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March 2022 U.S. Tech Policy Roundup

Claire Carey is a senior associate and Alexander C. Hart is a vice president at Freedman Consulting, LLC, where they work with leading public interest foundations and nonprofits on technology policy issues.

U.S. President Joe Biden delivers the State of the Union address at the U.S. Capitol, March 1st 2022.
U.S. President Joe Biden delivers the State of the Union address at the U.S. Capitol, March 1st 2022.

In March, while major action took place in the EU with agreement around the Digital Markets Act, in the U.S. we saw the Biden administration bringing children’s privacy issues to the fore, sparking broader conversations on privacy, and taking action to challenge algorithmic bias. Along with new pieces of legislation, our team also tracked the movement behind the America COMPETES Act as it made its way across the Senate floor and back to the House. 

More on each of these topics, as well as related information, is available below. 

Biden Spotlights Children’s Privacy

  • Summary: During the State of the Union Address on March 1st, President Joe Biden gave a major nod to tech policy concerns, calling on Congress to “strengthen privacy protections, ban targeted advertising to children, [and] demand tech companies stop collecting personal data on our children.” In conjunction with the State of the Union, the Biden-Harris Administration announced a strategy to address the national mental health crisis, pledging to strengthen children’s privacy, ban targeted advertising for children online, stop algorithmic decision-making that limits opportunities for young Americans, and invest in research on social media’s mental harms to children.
  • Stakeholder Response: A coalition of over 50 children’s advocacy and public interest tech organizations sent a letter to members of congressional leadership in support of Biden’s call to action on children’s privacy. Among other actions, they called for Congress to specifically pass legislation that expands privacy protection to all minors, bans targeted advertising to young people, and requires platforms to have as a default the most protective settings for minors. The Washington Post covered lawmakers’ mixed reactions to Biden’s inclusion of children’s privacy in his speech. Some noted positively that this inclusion could increase momentum around passing children’s privacy protections, whereas others cautioned that Congress’s focus should be on enacting a broader federal privacy law.
  • What We’re Reading: Vox’s Recode took a step back and highlighted the potential danger in focusing legislative efforts only on children’s privacy, when Congress has yet to pass a national consumer privacy law that protects all people. Protocol outlined a complaint filed by the Department of Justice on behalf of the FTC against WW International (formerly Weight Watchers). To fulfill the corresponding settlement order, WW International will be required to delete data, destroy algorithms, and pay a fine for targeting and collecting children’s data without parental consent. Time also reported on state legislation efforts in California and Minnesota that aim to take action against Big Tech’s impacts on children.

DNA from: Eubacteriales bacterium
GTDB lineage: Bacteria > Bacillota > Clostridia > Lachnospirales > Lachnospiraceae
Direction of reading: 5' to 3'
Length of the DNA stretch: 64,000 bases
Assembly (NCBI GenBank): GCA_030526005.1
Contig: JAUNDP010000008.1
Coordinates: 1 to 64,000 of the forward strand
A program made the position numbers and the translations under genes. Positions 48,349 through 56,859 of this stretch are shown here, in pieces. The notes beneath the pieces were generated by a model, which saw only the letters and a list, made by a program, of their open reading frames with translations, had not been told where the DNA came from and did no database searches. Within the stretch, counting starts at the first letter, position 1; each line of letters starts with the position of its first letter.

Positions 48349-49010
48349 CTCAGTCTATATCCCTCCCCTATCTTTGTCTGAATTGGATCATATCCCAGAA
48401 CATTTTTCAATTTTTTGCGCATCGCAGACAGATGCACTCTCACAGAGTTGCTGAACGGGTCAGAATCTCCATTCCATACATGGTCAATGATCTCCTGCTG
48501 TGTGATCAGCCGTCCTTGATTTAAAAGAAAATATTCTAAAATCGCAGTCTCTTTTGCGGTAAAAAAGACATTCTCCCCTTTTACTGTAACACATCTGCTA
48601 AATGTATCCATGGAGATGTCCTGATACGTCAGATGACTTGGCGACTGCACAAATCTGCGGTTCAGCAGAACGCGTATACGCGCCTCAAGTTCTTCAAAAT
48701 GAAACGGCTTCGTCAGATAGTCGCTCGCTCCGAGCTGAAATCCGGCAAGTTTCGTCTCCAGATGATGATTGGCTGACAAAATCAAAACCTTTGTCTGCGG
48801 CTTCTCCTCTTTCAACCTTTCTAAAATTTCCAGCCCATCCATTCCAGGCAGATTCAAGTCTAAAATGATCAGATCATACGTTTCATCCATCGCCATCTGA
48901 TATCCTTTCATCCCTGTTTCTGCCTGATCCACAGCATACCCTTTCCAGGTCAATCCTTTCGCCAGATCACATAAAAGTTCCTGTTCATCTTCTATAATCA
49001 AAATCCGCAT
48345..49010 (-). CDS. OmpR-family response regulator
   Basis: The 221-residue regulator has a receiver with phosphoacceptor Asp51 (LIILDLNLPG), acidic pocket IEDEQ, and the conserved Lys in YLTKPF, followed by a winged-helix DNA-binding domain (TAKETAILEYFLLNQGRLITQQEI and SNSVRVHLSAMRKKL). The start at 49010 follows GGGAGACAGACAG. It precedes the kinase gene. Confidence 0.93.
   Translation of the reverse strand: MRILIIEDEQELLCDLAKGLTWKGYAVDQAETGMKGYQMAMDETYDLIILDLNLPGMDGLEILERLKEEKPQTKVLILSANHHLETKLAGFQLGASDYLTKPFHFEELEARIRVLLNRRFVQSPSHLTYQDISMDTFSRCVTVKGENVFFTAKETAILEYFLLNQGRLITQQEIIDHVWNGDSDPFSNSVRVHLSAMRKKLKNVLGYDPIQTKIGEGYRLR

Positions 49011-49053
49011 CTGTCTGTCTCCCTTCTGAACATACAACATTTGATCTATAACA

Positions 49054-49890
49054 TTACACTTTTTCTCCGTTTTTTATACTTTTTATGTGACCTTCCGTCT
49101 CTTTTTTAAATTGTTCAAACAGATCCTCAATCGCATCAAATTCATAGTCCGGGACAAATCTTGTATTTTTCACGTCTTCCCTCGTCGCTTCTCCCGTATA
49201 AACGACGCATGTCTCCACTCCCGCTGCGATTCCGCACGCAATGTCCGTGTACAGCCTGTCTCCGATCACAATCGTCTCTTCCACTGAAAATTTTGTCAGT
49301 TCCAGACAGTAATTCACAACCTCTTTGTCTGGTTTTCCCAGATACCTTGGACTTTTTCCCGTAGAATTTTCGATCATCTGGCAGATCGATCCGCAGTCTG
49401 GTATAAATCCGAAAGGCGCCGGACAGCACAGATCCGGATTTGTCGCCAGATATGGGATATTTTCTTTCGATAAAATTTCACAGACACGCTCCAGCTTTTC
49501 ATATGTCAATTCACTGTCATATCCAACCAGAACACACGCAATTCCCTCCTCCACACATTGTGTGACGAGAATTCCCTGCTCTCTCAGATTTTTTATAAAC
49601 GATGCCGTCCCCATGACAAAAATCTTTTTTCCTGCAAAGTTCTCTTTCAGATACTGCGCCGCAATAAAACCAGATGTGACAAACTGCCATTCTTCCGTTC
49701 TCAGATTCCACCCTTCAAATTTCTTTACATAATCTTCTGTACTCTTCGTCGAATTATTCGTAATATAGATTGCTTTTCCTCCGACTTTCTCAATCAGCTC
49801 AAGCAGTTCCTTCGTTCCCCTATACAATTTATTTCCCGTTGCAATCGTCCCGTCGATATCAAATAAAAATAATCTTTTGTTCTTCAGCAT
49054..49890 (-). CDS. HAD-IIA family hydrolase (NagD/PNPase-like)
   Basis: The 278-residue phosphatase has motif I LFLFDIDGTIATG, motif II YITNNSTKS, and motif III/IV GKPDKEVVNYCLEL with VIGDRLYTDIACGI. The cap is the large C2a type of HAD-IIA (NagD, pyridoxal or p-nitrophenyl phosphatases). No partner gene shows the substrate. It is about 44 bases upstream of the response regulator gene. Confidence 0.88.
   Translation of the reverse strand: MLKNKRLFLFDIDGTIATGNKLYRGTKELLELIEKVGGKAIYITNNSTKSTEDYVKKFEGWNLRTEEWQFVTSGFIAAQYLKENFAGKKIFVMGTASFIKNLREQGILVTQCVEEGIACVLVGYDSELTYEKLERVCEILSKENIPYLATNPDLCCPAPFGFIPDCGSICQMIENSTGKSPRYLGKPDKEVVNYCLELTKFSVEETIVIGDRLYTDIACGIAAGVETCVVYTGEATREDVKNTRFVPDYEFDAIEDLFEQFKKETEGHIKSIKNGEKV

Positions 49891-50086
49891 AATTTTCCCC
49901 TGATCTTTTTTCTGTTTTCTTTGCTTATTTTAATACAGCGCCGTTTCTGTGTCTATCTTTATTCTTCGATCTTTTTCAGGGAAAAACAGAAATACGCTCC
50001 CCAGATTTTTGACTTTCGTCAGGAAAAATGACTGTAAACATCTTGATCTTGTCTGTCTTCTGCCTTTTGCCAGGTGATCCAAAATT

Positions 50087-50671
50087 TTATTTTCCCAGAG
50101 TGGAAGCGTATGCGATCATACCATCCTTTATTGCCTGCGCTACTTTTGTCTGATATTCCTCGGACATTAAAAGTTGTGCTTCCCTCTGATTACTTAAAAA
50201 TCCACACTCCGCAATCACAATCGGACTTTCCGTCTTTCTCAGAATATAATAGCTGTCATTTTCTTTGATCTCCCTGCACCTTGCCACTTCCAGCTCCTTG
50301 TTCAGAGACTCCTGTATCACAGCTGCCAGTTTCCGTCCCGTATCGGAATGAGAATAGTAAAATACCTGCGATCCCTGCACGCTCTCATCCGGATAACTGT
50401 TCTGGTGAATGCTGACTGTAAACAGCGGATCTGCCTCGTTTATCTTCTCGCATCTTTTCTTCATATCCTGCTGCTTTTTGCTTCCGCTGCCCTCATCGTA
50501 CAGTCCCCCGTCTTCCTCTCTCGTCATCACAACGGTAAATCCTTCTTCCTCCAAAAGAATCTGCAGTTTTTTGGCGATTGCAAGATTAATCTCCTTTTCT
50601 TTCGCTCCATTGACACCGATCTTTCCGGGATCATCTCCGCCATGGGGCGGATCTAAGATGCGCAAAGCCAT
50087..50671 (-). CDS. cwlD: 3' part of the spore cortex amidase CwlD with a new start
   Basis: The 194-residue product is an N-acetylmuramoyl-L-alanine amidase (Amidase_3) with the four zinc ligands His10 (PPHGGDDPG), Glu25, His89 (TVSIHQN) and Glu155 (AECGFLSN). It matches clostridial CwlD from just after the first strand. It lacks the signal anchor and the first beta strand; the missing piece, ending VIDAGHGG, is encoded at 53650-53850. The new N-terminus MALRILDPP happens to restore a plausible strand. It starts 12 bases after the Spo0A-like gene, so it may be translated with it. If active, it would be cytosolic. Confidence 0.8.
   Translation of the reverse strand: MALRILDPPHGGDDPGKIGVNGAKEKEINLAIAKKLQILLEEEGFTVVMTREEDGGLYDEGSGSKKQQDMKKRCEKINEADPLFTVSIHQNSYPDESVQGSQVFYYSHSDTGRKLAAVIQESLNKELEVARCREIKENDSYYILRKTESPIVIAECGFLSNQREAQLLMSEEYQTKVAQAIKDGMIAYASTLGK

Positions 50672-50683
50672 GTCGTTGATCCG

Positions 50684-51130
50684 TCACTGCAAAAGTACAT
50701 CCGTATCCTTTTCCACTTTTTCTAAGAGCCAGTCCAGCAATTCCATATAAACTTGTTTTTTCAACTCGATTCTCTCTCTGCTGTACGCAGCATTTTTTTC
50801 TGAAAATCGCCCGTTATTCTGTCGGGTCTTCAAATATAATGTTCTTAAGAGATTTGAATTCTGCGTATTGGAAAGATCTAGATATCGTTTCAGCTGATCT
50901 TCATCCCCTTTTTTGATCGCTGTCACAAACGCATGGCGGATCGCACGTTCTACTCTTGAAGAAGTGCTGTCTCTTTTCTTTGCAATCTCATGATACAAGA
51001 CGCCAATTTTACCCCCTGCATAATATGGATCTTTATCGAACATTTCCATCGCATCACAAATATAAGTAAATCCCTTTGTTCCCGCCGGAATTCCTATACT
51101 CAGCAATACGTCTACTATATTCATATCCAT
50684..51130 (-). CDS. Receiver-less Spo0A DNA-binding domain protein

• Examining the State of Play on Children’s Privacy: Members of Congress have previously introduced many bills on these and related children’s privacy issues, including:
    • The Kids Online Safety Act (S.3663 – Sponsored by Sen. Richard Blumenthal, D-CT, and Sen. Marsha Blackburn, R-KT): This bipartisan bill was introduced last month to give parents tools to control their children’s online data and time spent online. The FTC would enforce these provisions. 
    • KIDS Act (H.R.5439 – Sponsored by Rep. Kathy Castor, D-FL, and S.2918 – Sponsored by Sen. Ed Markey, D-MA, and Sen. Richard Blumenthal, D-CT): Last October, Democrats reintroduced this bill in the House and Senate, which among other provisions would ban targeted advertising, auto-play settings, and push alerts directed at children. 
    • Children and Teens’ Online Privacy Protection Act (S.1628 – Sponsored by Sen. Ed Markey, D-MA, and Sen. Bill Cassidy, R-LA): Last May, this bipartisan bill was introduced to amend the Children’s Online Privacy Protection Act of 1998 (COPPA). This amendment would ban targeted advertising that is directed at children. 
    • California Age-Appropriate Design Code Act (AB-2273 – Sponsored by Assembly Member Buffy Wicks, D-15, and Assembly Member Jordan Cunningham, R-35): In the states, where much of the privacy fight continues to play out, California Assemblymembers have proposed legislation that would restrict collection and sharing of children’s data and strengthen default privacy settings. The law would be enforced by the new California Privacy Protection Agency created by the California Privacy Rights Act of 2020.

Biden Administration Announces Plan to Prevent Algorithmic Bias in Home Valuation